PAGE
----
in the Home News Tribune 9/30/00
By SUZANNE C. RUSSELL
WOODBRIDGE: With knocks at their door and the blare from bullhorns, sleeping residents living near the Conrail lines off West Avenue in the township's Sewaren section were evacuated from their homes yesterday in case a derailed tank car carrying liquid butane exploded or ignited.
And the damage from an explosion of the highly combustible liquid could have been extensive.
Carteret Fire Capt. Robert Magella, a 20-year veteran of his department, said heavy damage would be expected if a tank carrying almost 30,000 gallons of butane, a liquefied petroleum gas, exploded. Damage would be particularly heavy within a 1,000-foot radius of the tank car.
He explained pressure can build up inside a damaged tank car, and when the gas looks to escape quickly it causes an explosion.
"And if one car goes, they all go. Who knows what the damage will be," said James Mancuso, a Carteret resident concerned about the tank cars in his neighborhood.
John Mitch, Woodbridge's director of emergency management, said property damage can occur with a fire, especially in an area where rail cars are in close proximity to homes.
Yesterday, no damage or injuries were reported after a butane tank car derailed on a side track.
Mitch said the township's emergency operations plan worked perfectly, with the fire chief calling for evacuation and police and emergency management officials making the notifications. A first-aid squad also assisted.
Bob Libkind, Conrail spokesman, said tank cars are solidly built with two shells, an outer shell and an inner shell, which holds the materials. Both shells are made with three-quarter-inch-thick steel to resist damage. The tanks also have thermal protection jackets to keep them cool.
The tank has a steel head shield on each end of the car. Each has special couplers, mechanisms that allow one car to attach to another, making it difficult for the couplers to puncture the ends of the cars.
"They are designed so they can take a bump. There wasn't even a scratch," said Libkind. The derailment was at a low speed. The tanker leaned over, but it was not on its side.
The accident fueled more criticism of a plan to transport New York City's garbage by train through Middlesex County. Opponents said yesterday's derailment in Woodbridge highlights the pitfalls of the plan.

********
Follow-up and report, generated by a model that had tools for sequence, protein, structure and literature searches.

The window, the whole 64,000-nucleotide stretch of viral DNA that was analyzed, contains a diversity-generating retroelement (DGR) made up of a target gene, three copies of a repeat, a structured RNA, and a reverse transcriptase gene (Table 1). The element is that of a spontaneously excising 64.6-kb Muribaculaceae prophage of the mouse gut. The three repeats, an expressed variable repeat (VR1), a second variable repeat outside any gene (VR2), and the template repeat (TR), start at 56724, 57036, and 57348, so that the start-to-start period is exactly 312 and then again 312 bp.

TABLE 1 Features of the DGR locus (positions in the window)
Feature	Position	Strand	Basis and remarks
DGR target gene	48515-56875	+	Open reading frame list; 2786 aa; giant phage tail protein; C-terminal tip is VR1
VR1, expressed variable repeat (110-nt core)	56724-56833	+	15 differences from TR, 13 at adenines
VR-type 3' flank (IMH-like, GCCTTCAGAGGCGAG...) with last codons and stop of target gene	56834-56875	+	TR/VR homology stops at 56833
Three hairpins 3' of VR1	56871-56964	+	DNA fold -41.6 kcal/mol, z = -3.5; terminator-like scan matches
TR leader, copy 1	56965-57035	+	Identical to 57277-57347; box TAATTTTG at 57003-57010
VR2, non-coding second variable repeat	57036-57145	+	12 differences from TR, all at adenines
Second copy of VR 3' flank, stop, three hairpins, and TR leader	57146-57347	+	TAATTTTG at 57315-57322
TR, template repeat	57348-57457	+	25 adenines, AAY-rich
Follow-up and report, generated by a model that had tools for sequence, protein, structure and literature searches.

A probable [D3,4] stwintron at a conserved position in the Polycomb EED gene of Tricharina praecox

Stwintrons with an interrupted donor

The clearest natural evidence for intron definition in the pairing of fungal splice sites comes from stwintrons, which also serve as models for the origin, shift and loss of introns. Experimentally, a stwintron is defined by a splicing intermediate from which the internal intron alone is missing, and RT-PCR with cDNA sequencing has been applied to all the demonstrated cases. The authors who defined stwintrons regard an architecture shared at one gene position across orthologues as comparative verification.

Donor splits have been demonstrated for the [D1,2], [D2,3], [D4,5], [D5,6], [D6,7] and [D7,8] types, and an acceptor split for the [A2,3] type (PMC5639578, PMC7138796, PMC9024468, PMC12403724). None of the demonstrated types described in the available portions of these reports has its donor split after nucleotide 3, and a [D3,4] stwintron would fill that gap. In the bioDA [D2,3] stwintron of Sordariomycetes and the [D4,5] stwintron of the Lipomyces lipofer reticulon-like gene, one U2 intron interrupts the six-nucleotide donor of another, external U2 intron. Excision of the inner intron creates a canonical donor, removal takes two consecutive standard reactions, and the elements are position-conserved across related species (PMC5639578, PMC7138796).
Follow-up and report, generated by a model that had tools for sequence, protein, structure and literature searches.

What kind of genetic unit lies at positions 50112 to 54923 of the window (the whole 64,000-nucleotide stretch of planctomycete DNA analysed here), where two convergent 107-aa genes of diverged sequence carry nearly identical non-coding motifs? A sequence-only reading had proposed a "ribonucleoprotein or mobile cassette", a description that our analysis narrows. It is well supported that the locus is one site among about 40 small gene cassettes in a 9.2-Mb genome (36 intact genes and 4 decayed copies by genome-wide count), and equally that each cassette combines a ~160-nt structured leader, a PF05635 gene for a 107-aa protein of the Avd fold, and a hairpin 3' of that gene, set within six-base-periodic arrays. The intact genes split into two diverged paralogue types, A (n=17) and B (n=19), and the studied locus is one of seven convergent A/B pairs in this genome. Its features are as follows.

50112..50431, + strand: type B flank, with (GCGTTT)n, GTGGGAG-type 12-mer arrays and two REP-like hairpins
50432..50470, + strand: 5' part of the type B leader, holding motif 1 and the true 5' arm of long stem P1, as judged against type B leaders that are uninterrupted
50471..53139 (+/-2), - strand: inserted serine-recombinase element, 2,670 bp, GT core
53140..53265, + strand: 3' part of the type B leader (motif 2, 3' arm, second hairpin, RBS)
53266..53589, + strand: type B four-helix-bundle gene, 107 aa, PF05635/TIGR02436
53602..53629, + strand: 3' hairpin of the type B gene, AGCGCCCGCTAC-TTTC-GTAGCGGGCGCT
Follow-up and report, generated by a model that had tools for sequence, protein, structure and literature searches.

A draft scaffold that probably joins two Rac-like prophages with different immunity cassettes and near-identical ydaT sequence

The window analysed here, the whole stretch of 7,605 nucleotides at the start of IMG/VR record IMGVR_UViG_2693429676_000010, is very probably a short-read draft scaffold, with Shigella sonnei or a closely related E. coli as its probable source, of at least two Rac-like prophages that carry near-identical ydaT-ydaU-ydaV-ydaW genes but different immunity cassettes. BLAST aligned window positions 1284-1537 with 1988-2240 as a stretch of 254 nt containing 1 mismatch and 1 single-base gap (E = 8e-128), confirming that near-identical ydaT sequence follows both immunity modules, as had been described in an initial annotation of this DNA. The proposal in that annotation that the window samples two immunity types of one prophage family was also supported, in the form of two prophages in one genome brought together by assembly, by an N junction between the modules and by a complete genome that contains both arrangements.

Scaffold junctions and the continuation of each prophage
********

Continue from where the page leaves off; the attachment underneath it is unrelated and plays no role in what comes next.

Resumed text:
But a spokesman for the company that wants to ship the garbage by train from a proposed Linden transfer station said the incident proves just the opposite. "It seems like the system worked," said Alan Marcus, a spokesman for Browning Ferris Industries. "It also shows that none of the cargo spilled, and it was fine in a few hours."
BFI has proposed building a marine transfer station in Linden to take in New York's garbage and pack it onto sealed containers that would be shipped by rail through Middlesex County to out-of-state landfills.
"When you have accidents with trucks, you have garbage all over the roads," Marcus said. "There was a garbage-truck accident (yesterday) that closed Route 1 in Lawrenceville. There was a derailment (yesterday) morning, and nothing got closed except a track that doesn't affect anyone."
But Carteret Mayor James Failace, an opponent of the proposed garbage train, viewed the derailment differently.
"This is exactly what our problem is, what we're very afraid of," Failace said. "We have these trains running through Port Reading and Woodbridge all day. Thank God it wasn't a catastrophe. The last thing we need is another one-mile-long train going through."
Beatrice Bernzott of Linden, who helped to form Jerseyans United to Stop New York City Trash, agreed.
"When a truck has an accident, it's on the highway," Bernzott said. "When a train has an accident, it's in your backyard.
"This latest incident on the Conrail-CSX line just proves once more how unsafe trains are and how lucky the residents along the rail are that this wasn't a catastrophe."
Contributing: Staff writers Kathleen Hopkins and Nina Rizzo.
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